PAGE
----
Coalition on track to restore train service

THE one thing people on both sides of the rail line/bike path debate can comfortably agree on is this NSW Government will never fix the Casino-Murwillumbah branch line and return trains to the track.

However, 'never' is a funny sort of word. In this case it covers about 18 months.

In 2011, NSW will return to the polls and, if current surveys are any guide, there is a reasonable chance NSW Liberal Leader Barry O'Farrell will be Premier, instead of Nathan Rees - and that would mean a dramatic change to the future of our rail line.

At this point in time, there remains a standing State Coalition promise to repair the line and put a commuter train on it.

That promise was given a lot of air in the lead-up to the 2007 NSW election, when Ballina MP Don Page was discussing using reconditioned engines and carriages, which were at the time being retired from the Newcastle line, for a commuter service on the Northern Rivers track.

In the 30 months since the last State election, it would seem likely the opportunity to use those trains and carriages has passed, but the opportunity to restore the line remains.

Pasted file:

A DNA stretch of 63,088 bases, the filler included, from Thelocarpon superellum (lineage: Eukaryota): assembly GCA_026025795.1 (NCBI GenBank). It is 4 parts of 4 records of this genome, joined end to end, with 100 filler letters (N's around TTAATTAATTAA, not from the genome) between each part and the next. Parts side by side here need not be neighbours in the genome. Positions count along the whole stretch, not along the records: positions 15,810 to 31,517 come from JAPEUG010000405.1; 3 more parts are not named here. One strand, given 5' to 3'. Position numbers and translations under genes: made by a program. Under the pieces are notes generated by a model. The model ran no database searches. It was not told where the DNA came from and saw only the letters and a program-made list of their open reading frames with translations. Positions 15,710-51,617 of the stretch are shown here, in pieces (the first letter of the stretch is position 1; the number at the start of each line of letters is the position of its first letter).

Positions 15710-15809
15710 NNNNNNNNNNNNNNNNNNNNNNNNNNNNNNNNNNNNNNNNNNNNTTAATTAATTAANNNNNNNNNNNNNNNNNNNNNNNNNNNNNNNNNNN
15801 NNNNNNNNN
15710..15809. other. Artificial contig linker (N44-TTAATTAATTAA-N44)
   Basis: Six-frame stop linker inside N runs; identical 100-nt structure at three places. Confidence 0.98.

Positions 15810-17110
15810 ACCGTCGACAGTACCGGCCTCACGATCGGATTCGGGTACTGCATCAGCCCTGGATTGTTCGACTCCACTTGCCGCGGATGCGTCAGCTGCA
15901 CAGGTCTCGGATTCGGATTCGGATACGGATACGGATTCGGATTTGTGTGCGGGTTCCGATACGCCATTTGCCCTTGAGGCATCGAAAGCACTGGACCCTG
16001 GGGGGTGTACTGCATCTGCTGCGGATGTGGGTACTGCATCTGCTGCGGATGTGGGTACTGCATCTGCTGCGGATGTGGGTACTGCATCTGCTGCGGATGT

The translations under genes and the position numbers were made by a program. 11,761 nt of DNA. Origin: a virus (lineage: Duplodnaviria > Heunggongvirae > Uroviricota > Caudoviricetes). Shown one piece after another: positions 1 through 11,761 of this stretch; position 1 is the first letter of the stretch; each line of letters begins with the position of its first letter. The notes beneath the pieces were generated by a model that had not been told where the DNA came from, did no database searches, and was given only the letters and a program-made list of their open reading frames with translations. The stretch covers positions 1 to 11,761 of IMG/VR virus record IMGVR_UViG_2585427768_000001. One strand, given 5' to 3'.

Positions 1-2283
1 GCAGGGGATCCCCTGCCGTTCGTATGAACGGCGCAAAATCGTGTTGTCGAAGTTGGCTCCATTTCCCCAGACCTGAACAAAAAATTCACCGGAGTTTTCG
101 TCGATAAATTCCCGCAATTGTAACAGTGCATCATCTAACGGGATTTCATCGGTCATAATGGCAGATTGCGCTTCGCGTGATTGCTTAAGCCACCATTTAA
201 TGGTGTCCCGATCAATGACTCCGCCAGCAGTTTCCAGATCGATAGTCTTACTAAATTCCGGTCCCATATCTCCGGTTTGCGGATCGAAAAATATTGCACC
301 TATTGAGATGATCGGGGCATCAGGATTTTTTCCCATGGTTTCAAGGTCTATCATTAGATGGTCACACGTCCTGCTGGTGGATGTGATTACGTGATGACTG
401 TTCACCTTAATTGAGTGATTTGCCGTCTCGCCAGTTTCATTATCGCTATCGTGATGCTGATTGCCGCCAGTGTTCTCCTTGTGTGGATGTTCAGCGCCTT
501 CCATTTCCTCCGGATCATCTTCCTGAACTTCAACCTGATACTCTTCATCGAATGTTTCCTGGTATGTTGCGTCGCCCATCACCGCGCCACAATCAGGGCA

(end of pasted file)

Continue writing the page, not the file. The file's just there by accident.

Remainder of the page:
However, the NSW Coalition only yesterday confirmed it remained firm in its commitment to return trains to the line and extend it to Queensland, should it win the next election.

The debate over rail trails or trains on the Northern Rivers appears to have progressed, with at least some advocates of the plan to turn the track into a giant bike path working on the assumption the train line will never be restored to its former glory.

But while this NSW Government will never return trains to the line, 'never' is not necessarily as long as you might think.



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